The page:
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Fancy a Ramen?

Meet Brian MacDuckston.

Head bowed over his fifth bowl of the morning, Brian MacDuckston is slurping noodles and talking tsukemen. His audience: a video camera and thousands of subscribers to the blogger’s Ramen Adventures youtube channel.

MacDuckston and a small band of friends in noodles have gathered at a park in the Shinjuku district of Tokyo for Day 1, Week 2 of the Dai Tsukemen Haku festival. Here, over four weeks in October, twenty shops specializing in tsukemen would vie for diners’ affection against twenty shops serving ramen to determine the champion bowl. With the help of his friends, MacDuckston “crushed” and reviewed almost all forty bowls.

“Until a few years ago there was just one festival like this, the Tokyo Ramen Show, but now there are many around the country,” MacDuckston says. “They enable ramen restaurants to showcase their regular ramen or do something special. It’s another aspect of ramen.”

MacDuckston is a well known and respected contributor to Japan’s increasingly sophisticated ramen scene, in which the quest for superior ramen is continual and covered in a range of specialist ramen magazines, on TV and most dynamically through social media channels.

MacDuckston moved to Japan from San Francisco in 2006 and had his “first good ramen” in 2008, a foodie moment that inspired him to start his blog and later a youtube channel. MacDuckston’s blog today has followers in all corners of the world while his vlog posts regularly attract tens of thousands of views. MacDuckston’s review of the Michelin one-star Tsuta ramen restaurant for example has received close to 200,000 views. Half the hits to the blog come from overseas with popular posts such as those on ramen restaurant rankings suggesting that many readers are Japan-bound travelers looking for an unforgettable ramen experience while on these shores.

What’s big in ramen right now?

“When I started the blog, tsukemen was having its boom and a lot of shops were opening in Tokyo. Since then there have been many mini booms. The biggest one that has stuck is the trend for lighter, more refined soups. There’s a good example here today. Shinasoba Tanaka serves a really light shio [salt] ramen made with ocean ingredients. It’s really nice. Shio has been huge.”

Shinasoba Tanaka is an example of the new wave of artisanal ramen shops that have captured the imagination of restaurateurs and diners around the world with their umami-loaded broths, subtle blends of special seasonings and toppings so lovingly prepared that even a soft-boiled egg can make your eyes roll. As subscribers to the Ramen Adventures youtube channel will tell you, MacDuckston’s eyes are frequently seen to roll.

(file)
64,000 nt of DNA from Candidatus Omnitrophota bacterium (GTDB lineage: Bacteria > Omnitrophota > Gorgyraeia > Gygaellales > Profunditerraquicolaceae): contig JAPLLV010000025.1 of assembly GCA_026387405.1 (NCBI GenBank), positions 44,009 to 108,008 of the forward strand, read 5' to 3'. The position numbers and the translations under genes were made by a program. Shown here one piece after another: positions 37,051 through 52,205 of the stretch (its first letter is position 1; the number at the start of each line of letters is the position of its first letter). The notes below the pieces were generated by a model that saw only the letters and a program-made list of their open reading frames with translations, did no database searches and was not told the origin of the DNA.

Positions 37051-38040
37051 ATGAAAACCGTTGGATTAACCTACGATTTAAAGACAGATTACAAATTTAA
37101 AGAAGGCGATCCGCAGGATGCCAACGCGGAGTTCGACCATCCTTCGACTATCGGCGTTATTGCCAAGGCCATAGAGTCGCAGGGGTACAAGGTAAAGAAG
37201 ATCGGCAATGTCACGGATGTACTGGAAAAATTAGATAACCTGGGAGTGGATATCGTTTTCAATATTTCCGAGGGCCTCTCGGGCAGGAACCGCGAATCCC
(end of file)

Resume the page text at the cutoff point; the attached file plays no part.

“In the past, ramen restaurants would often be messy, dirty places; women would never go there alone. That image has changed. Shops like Tanaka are super popular with women. It can be kind of fashionable to do ramen now.”

In addition to his media work, MacDuckston tours Japan with an English-language performance group entertaining children. “Over the course of the year we visit every single prefecture, so that’s one of the reasons why I’ve been able to review so many shops around the country. I get my recommendations from the Ramen Data Bank, restaurant review websites like Tabelog, ramen chefs and other ramen junkies like myself.”

MacDuckston often walks or rides his motorbike long distances to visit out-of-the-way ramen restaurants that have attracted rave reviews.

“It can be a really cool adventure to get out there. There are little towns that have their own ramen culture. Onomichi in Hiroshima Prefecture for example has thirty or forty shops devoted to the Onomichi style — a shoyu (soy sauce)-based ramen with a lot of seabura pork back fat in it. It’s a little city by the ocean with a huge ramen culture. People drive for an hour or more just to get in line to eat the ramen.”

MacDuckston introduces two ramen shops every week, though he may visit as many as ten depending on the number of ramen tours he conducts.

“A few years back when my site started getting popular I had a lot of interest from restaurateurs overseas wanting to hire me to take them around the shops. I’ve started offering that service to regular tourists as well. The tours are a good way for short-term visitors to sample the spectrum.”

MacDuckston regularly appears on TV and last year served as a judge at the Ippudo Ramen Competition, which has a 3 million yen top prize. His book, Brian’s Guide to 50 Great Tokyo Ramen Shops, is enjoying brisk sales.

Ten years in to his new life in Japan, MacDuckston, who has cut beer and bread from his diet to better indulge his passion, shows no sign of tiring of delicious ramen noodles.

“The thing I like most about ramen is its variety,” he says. “I’d get sick of eating the same thing all the time.”